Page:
The practicality starts right at the beginning of her book. Unlike her “professional clergy” counterparts, Kelley has no problem ascertaining the full reality of evil. She has even fewer problems identifying the source of evil. Most importantly, she knows that Jesus Christ has overcome evil and will help us to overcome evil as well.
One of the strongest attributes of this book is the fact that Kelley does not settle for identifying problems. She gives solutions and explanations about how to solve the problems she identifies. The first section is a case in point. Instead of just criticizing preachers and ministries for missing the mark in dealing with the wiles of the devil, she offers concrete solutions based upon a solid scriptural foundation.
Kelley correctly points out that much of what many preachers do in “reaching the world for Jesus Christ” is nothing more than grandstanding and pride. Like Saddam Hussein before the Gulf War of 1991, all his prideful boasting about the war being the “mother of all battles” and calling for a “Jihad” proved useless when the Iraqi Army was faced with a superior enemy.
Kelley points out that most Christians are no different than that Iraqi Army. These unfortunate people are sent out to “reach the world for Jesus Christ” based upon the eloquence of their leader’s rhetoric. When they return home, battered and bruised, they find little comfort or support from their leaders because preachers and their “ministries” consider Christian counseling nothing more than an extension of their “preaching ministry.”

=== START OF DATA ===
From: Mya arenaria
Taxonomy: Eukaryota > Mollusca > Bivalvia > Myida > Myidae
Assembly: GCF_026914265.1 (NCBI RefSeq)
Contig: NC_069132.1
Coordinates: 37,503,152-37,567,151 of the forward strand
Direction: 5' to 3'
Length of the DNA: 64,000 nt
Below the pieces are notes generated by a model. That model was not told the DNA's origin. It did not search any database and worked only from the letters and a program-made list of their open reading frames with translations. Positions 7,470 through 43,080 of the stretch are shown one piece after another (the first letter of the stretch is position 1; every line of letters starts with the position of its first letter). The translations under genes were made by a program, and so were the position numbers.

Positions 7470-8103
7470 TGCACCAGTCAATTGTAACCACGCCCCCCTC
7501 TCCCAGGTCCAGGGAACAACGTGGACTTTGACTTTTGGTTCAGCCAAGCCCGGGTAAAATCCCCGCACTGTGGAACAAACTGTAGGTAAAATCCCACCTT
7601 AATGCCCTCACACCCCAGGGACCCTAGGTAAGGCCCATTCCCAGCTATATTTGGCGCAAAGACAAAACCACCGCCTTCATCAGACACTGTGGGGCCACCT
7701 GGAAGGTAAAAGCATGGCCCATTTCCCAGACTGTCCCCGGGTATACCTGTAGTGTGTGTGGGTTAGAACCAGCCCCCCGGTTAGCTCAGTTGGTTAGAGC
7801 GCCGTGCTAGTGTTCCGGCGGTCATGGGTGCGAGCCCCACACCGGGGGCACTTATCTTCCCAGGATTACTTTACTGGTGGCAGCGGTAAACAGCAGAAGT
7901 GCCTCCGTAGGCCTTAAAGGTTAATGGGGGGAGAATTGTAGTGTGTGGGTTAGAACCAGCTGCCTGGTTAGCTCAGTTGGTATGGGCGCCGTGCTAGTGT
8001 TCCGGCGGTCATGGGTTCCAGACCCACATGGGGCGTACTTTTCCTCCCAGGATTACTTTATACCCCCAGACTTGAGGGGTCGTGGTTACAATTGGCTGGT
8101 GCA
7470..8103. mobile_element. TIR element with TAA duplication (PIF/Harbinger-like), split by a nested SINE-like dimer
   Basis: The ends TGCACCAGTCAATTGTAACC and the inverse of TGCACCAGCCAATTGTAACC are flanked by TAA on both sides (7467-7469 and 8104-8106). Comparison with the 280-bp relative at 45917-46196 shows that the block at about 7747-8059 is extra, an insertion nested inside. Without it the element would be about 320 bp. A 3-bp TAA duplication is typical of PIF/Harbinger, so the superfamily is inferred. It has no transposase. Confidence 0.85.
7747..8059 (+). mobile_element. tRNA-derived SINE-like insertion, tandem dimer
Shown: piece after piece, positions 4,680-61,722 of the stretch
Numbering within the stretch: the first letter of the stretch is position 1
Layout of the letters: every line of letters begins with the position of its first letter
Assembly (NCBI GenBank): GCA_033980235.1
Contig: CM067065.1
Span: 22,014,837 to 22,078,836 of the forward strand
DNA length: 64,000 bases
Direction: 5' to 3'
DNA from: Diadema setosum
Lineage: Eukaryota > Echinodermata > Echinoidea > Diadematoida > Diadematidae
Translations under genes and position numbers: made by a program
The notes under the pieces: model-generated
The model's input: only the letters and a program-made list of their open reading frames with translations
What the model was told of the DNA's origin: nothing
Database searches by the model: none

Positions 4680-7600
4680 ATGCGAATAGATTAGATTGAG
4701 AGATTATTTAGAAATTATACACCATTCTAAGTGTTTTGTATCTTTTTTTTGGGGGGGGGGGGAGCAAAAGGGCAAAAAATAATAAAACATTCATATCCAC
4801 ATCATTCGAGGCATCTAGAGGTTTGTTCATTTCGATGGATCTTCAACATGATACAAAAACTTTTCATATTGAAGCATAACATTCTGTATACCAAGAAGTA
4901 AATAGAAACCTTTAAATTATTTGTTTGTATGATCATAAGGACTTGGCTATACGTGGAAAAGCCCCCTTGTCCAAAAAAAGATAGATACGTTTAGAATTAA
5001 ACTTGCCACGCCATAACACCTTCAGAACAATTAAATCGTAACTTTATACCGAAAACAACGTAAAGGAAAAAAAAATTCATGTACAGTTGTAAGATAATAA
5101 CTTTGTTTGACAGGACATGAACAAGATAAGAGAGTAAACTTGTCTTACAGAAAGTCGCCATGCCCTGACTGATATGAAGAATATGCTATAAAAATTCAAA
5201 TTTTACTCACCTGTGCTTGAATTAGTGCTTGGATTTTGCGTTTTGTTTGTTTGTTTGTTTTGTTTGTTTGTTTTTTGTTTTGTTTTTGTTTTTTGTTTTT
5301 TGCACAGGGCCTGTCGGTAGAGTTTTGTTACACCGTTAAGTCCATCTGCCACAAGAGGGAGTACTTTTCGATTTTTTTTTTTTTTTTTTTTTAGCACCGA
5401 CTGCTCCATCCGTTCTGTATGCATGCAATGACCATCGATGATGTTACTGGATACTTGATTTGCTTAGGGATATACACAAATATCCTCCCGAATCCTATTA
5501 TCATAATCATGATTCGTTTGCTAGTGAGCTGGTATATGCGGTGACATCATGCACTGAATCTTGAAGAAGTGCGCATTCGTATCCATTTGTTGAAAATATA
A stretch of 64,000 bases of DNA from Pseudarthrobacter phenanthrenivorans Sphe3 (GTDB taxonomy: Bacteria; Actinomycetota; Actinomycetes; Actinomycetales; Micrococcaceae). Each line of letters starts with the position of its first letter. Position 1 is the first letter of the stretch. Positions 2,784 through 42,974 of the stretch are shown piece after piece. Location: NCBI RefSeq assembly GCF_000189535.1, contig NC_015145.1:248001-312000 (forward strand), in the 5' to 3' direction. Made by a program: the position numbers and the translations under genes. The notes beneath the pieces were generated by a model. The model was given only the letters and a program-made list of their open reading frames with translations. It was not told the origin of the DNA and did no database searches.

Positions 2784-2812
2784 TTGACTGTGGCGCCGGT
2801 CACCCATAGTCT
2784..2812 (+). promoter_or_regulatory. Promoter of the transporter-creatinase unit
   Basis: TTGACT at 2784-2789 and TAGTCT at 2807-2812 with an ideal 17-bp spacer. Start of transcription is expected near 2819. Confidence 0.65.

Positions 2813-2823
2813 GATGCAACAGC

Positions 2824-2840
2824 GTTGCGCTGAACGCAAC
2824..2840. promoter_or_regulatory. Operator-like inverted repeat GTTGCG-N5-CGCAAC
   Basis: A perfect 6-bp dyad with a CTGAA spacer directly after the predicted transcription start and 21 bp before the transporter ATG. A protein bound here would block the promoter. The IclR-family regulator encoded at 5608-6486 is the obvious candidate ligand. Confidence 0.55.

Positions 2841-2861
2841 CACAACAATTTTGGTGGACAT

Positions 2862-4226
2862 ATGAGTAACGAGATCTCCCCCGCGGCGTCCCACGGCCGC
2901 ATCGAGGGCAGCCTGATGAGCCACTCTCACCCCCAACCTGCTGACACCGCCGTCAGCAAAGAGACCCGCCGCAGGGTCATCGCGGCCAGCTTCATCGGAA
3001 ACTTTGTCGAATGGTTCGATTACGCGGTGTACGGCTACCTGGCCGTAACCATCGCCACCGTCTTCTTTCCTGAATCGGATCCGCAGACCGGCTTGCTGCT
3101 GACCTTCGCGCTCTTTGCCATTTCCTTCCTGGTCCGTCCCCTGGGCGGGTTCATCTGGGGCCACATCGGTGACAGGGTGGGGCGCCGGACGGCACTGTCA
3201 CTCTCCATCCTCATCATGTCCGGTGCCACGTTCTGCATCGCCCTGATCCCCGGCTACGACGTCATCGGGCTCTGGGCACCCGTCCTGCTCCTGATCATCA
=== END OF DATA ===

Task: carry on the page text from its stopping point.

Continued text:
Their counselees become victims because the preacher does little or nothing to address their personal issues. Most preachers instead, use their “counseling sessions” as an opportunity to restate their pulpit rhetoric. The preacher may feel vindicated, but the counselee leaves the preacher’s office victimized and confused about their faith.
Kelley believes that most of these people who were sent out to “reach the world for Jesus Christ” are not any different than that Iraqi Army. They were improperly trained for their task and totally unprepared for the enemy they were sent out to face. As a result, they either become captives of the enemy or return to the church dazed and confused about what happened to them. When they turn to their leaders for help, they are ostracized and humiliated for their failures. It takes a long time for many of them to seek real help apart from their church’s denominational structures. The new breed of Christian Counselor often offers the only real help these people receive.